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soon accorded in acknowledgment of his merit. Among these may be mentioned a gold medal, in I860, from the SociƩte d'Encouragement at Paris; a gold medal, in 1867, from the International Exhibition at Paris; in 1868 the honorary degree of Doctor of Philosophy, from the university of his native city, Koenigsberg; and, in 1876, a medal from the Centennial Exhibition at Philadelphia. Before scientific assemblies he has been called upon to give the results of his investigations, including in them the Assembly of German Naturalists, in 1868, at Dresden; the American Association for the Advancement of Science in 1876 at Buffalo, and again in 1882 at Montreal; and the Electrical Exhibition at Paris in 1881, when he was specially visited by a large company of the most renowned of living physicists, including Helmholtz, Kirchhoff, Du Bois-Reymond, Clausius, Quincke, Mach, Kundt, Pahlzon, and Sir William Thomson.

The scientific papers of M. Koenig have been published almost entirely in the Annalen of Poggendorff and of Wiedemann. Most of these have been translated into French and published, in 1882, in a volume entitled Quelques ExpƩriences d'Acoustique. To give an adequate idea of what is included in them would be impossible without going into detail. The volume includes a full account of Koenig's application of the graphic method and that of manometric flames. Both these methods are applied in an exhaustive investigation of the beat tones which result from the combination of two or more primary tones. Helmholtz discussed "differential tones" and "summation tones," whose existence was inferred from the results of mathematical analysis; and certain phenomena seemed for a time to confirm the conclusions of the great German physicist. But Koenig subsequently applied the most patient care and consummate skill in the experimental examination of these phenomena. Without detracting at-all from the credit due Helmholtz for his splendid researches, it may now be safely said that Koenig's experiments have shown that differential and summation tones are due exclusively to the beats which the ear perceives when impressed simultaneously by systems of waves differing in length. The effect is physiological, and such combination tones are not at all re-enforced by resonators like the separate primaries that enter into combination. It is not necessary that beating tones shall be nearly in unison, as is stated in so many of the text-books.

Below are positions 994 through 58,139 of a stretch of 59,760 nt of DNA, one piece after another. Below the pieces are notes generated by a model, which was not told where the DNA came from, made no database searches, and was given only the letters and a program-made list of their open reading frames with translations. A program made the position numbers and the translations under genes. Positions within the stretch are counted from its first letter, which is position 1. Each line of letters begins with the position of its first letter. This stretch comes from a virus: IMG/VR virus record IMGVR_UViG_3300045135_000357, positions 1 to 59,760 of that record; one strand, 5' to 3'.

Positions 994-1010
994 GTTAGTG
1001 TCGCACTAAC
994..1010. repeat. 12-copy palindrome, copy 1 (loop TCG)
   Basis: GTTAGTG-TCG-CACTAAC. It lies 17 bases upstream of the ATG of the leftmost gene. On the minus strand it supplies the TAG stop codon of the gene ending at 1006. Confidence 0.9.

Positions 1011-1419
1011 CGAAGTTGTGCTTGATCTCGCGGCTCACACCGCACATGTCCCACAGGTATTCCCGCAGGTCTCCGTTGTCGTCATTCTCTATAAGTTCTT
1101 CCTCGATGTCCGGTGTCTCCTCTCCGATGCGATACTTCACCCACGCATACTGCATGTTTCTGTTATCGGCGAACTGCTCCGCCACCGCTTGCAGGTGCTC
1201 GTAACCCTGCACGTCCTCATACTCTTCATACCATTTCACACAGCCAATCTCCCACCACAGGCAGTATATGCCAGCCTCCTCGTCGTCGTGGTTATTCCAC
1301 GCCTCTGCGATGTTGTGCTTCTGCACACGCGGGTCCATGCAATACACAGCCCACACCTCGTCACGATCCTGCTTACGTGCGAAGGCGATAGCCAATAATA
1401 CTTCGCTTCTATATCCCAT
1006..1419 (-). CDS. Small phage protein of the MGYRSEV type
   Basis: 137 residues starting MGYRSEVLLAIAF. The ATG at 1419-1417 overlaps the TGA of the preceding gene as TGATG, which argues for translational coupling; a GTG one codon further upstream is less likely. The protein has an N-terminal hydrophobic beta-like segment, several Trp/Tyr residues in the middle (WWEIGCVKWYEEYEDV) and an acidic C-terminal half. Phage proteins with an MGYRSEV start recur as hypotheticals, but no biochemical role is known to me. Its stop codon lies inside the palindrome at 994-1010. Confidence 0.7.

The subject of musical quality was long an unsolved enigma for physicists. The principle underlying its explanation was foreshadowed early in the present century by the French mathematician Fourier, and soon afterward applied to acoustics by Ohm, whose name is now so familiar in connection with electricity. But to Helmholtz is due the full experimental proof that the